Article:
The first round of coalition talks provided Turkey's political parties with an opportunity to become familiar with each other and restore their ties. Following the elections, they left accusations and harsh words behind to embrace some degree of reason. Those who believe that the Justice and Development Party (AK Party) government had invested in polarization and animosity in recent years might find the current situation quite surprising. Things would become clearer, however, if one were to remember that the secularist mindset and a form of neo-conservatism had caused the tensions in the first place. As a matter of fact, the rapid normalization in Turkish politics speaks volumes about the inauthenticity of the polarization debate.
Another reason behind the current trend is that Turkey has to choose between two options, one of which serves everybody's interests. The only way to form a stable government without holding early elections is for the AK Party and the Republican People's Party (CHP) to reach an agreement to form a coalition. Interestingly enough, not only the markets, but also politicians from across the political spectrum have thrown their weight behind this option, each for their own reasons.
The AK Party cannot think of the Peoples' Democratic Party (HDP) as a viable partner unless the party distances itself from the PKK. Meanwhile, the HDP desperately wants to liberate itself from the PKK yoke to develop a sense of agency. As such, the HDP leadership has been vocally opposed to a partnership between the AK Party and the Nationalist Movement Party (MHP), which will aggravate the violent conflict to empower the PKK leadership at the expense of politicians. A coalition between the AK Party and the CHP, in turn, will allow the HDP to be a staunch opponent while keeping a seat at the table. If the government proves unsuccessful, the HDP might even enjoy a slight boost in its popular support in the next election cycle.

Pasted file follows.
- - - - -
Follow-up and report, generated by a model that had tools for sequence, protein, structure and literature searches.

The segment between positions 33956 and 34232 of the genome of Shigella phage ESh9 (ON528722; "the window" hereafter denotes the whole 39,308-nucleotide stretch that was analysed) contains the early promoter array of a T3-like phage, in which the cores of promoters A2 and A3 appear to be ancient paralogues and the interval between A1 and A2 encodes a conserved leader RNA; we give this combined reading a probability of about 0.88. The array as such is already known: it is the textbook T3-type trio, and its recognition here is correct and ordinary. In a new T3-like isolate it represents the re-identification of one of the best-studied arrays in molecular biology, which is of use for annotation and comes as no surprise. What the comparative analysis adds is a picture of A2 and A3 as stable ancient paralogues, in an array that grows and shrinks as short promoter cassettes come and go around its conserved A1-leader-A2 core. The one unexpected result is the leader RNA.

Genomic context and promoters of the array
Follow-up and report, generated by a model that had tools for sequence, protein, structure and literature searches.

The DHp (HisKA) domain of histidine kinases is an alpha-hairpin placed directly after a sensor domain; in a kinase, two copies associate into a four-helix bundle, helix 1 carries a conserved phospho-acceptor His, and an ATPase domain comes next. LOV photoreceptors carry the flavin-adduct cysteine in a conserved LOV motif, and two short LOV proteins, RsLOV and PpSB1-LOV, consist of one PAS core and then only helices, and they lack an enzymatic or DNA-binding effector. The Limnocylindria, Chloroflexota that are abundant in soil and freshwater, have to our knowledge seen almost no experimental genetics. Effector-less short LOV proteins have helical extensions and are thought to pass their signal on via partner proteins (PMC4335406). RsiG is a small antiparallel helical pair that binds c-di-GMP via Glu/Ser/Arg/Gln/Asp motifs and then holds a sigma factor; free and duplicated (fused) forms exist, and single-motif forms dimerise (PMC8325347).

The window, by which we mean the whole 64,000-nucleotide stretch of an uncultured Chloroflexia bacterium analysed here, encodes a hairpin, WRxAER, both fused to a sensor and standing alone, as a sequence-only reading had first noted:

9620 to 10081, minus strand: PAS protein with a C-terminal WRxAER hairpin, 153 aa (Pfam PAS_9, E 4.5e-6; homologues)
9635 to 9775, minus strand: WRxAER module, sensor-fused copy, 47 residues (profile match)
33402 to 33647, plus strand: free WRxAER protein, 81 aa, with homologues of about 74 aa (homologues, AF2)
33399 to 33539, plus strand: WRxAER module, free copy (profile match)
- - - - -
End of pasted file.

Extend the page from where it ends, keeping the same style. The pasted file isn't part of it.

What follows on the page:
The MHP leadership, meanwhile, announced immediately after the elections that it had no interest in helping the AK Party form a government and has maintained its position until now. At this time, the Turkish nationalists want to become the country's main opposition party, which means that the two most popular parties need to shake hands. The ultimate goal for the MHP is to maintain its current level of popular support even if it means that it cannot steer the country in its direction of choice. Furthermore, the MHP leadership believes that the prospect of resolving the Kurdish question will fuel nationalist fervor among ethnic Turks. Additionally, the party counts on the government to be unsuccessful in order to lure away voters from the AK Party and CHP.
After spending more than a decade as the opposition, the CHP desperately wants to be in the driver's seat. Having failed to capitalize on the AK Party's losses on June 7, the CHP is going out of fashion. In the most recent election the CHP was the least popular party among first-time voters. It does not take an expert to foresee that the CHP will become obsolete unless it comes up with a way to prove valuable or to transform its platform. In order to impress the people, the CHP needs to be part of Turkey's next government and showcase its skills. If it opts to stay in the opposition now, the CHP might not get the same kind of opportunity for another decade.
The AK Party's situation, meanwhile, is unclear. The party operated smoothly in the post-election period to become more and more confident as the prospect of forming a tripartite coalition died down. Furthermore, the AK Party leadership knows that they are the most likely party to score additional points in early elections, which would allow them to hold meetings with potential partners with relative ease. At this point, it would appear that they have long-term strategic goals in mind. Forming a coalition government with the CHP could give the AK Party a shot at restoring ties with the West, addressing the Alevi community's problems and making progress toward a new constitution. Even if a coalition government fails in the end, voters will be more likely to cluster around the AK Party to restore political stability.